By William Trombley
and Kristin D. Conklin
WHAT A DIFFERENCE a draft makes.
The final report of the National Commission on the Cost of Higher Education, approved
at a January 21 meeting in Washington, D.C. has a very different tone from the draft
report that was circulated late last fall.
The earlier version began with the ringing declaration, "as a public good,
higher education, far from being expensive, is priceless." The final report
is less stentorian: "The Commission is convinced that American higher education
remains an extraordinary value."
Last fall's draft acknowledged public "sticker shock" over rapidly rising
tuition and other costs but said most students were still getting a bargain. "Three-quarters
of all full-time undergraduate students attend four-year colleges that charge less
than $8,000 a year in tuition, about what a decent used car would cost," it
This unfortunate analogy, which was widely reported, has disappeared from the
The November draft blamed the news media for much of the public's concern about
high prices. "Sensational reporting has both heightened and distorted public
concern," it said at one point and, at another, "damaging, too, are editorials
that proclaim, and usually denounce, costs that are (to pick a few common phrases),
'out of hand,' 'beyond reason,' and 'threatening to put a college education beyond
the reach of most Americans.'"
All of this has disappeared from the final version, which says, mildly, "Although
concerns and perceptions about price are not entirely wrong, they are not always
based on sound factual information."
There was very little criticism of colleges and universities in the November draft
but the final version acknowledges that the institutions themselves have played an
important role in the price run-up.
"Most academic institutions have been content to maintain a veil of obscurity
over their financial operations and have yet to confront seriously basic strategies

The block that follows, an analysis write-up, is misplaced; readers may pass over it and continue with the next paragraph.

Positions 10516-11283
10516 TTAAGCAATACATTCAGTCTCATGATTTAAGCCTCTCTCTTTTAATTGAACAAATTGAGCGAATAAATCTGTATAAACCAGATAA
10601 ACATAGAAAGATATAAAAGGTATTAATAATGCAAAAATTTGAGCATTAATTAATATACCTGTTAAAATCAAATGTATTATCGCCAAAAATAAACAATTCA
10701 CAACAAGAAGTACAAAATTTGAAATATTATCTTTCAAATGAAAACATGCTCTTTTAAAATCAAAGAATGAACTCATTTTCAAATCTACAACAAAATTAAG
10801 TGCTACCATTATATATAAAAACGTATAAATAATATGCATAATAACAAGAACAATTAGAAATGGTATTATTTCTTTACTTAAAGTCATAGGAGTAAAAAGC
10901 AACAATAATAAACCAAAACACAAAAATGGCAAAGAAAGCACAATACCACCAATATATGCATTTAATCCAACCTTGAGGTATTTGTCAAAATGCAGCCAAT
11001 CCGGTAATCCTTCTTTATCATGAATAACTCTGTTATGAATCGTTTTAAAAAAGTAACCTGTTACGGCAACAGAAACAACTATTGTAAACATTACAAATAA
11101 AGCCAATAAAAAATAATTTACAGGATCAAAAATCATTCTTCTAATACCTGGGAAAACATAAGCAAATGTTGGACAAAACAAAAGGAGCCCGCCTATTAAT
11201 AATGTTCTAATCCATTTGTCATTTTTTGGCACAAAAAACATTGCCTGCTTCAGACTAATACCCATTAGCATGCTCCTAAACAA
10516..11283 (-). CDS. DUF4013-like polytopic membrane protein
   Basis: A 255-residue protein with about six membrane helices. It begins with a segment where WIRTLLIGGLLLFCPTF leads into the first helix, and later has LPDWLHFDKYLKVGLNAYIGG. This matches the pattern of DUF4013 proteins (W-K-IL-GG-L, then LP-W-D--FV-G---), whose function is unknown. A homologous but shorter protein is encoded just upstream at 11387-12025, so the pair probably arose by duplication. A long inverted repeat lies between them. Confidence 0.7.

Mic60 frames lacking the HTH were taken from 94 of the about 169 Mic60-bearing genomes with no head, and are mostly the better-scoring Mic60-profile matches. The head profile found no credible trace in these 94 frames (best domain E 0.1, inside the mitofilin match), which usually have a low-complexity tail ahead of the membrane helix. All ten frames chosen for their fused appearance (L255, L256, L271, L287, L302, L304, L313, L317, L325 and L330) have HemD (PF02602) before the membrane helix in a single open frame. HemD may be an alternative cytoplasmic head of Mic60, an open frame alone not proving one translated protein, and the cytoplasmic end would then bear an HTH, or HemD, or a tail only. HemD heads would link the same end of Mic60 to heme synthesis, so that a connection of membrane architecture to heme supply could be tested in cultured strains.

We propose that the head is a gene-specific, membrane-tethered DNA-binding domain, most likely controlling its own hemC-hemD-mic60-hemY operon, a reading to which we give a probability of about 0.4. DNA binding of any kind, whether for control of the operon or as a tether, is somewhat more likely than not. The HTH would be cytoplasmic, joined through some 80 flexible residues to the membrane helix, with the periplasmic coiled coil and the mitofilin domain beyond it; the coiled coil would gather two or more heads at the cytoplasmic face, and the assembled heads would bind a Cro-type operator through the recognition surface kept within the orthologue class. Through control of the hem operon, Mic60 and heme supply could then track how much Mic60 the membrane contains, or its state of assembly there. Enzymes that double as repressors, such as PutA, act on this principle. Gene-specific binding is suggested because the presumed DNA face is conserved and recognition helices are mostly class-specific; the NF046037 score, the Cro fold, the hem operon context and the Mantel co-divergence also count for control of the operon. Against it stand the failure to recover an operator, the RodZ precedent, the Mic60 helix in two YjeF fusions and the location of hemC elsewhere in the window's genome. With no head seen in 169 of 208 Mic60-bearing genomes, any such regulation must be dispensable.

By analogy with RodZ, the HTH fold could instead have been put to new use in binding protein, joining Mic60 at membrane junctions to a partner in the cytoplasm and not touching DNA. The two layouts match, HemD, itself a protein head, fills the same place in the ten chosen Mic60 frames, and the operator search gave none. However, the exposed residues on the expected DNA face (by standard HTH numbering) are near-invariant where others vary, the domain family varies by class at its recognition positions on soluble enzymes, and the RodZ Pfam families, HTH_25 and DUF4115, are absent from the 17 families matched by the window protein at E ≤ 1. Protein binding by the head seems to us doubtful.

for reducing their costs," the final report says. "Unless academic institutions
attend to these problems now, policy makers at both the state and federal levels
will impose unilateral solutions that are likely to be heavy-handed and regulatory."
What happened between November and January to change the tone from a polemic in
defense of rising tuitions and other college costs to a gentle prod to educators
to do a better job of explaining why prices increases are needed?
Most importantly, the two Republican congressmen responsible for creating the
commission-William F. Goodling of Pennsylvania and Howard P. (Buck) McKeon of California-sharply
criticized the November draft report.
"Any suggestion that we do not have a college-cost crisis in higher education
flies in the face of common sense," the two lawmakers said in a joint statement.
"Every American family knows that college costs are too high."
Since Goodling and McKeon will play key roles in Congressional action to extend
the Higher Education Act next year, their words carried great weight with the 11
members of the commission, nine of whom are either higher education administrators
or lobbyists who work with colleges and universities. Quickly, the commission's rhetoric
became more subdued.
The final report notes that tuition charges at public colleges and universities
more than doubled between 1987 and 1996-from $1,688 to $3,918-and almost doubled
at private four-year institutions-from $6,665 to $13,250.
"Public anxiety about college prices has risen along with increases in tuition,"
There is a lot of discussion about the "price" students pay to go to
college and the "costs" of educating them once they are on campus. Prices
have risen faster than costs, according to the report, largely because state appropriations
for higher education declined sharply in the late 1980s and early 1990s.
The document lists many factors that might have increased the cost of running
a college or a university-from the need to provide more remedial classes to the "rising
expectations" of faculty members, students and their parents-but then concludes
that it is "difficult to draw direct relationships between any of the cost drivers·and
increases in tuition."
In part, the commission's inability to figure out what is driving up college costs
is blamed on the unwillingness of many academic institutions to "make themselves
more transparent, to explain their finances."
Whereas the November draft blamed the news media, politicians and accrediting
agencies, among others, for confusing the public about college costs, the final report
places some of the blame on colleges and universities themselves for being financially
In both versions, the public is portrayed as baffled and angry but unable to grasp
the finer points of higher education finance.
The report recommends that "academic institutions must achieve more in the
way of cost containment and productivity improvement" but is light on specific
Many of the report's recommendations ask for less federal and state regulation
of higher education, for a streamlined student financial aid system and for accrediting
procedures that do not drive up costs. However, the report does not suggest that,
even if all of these things were done, the impact on tuition and other college costs
would be very significant.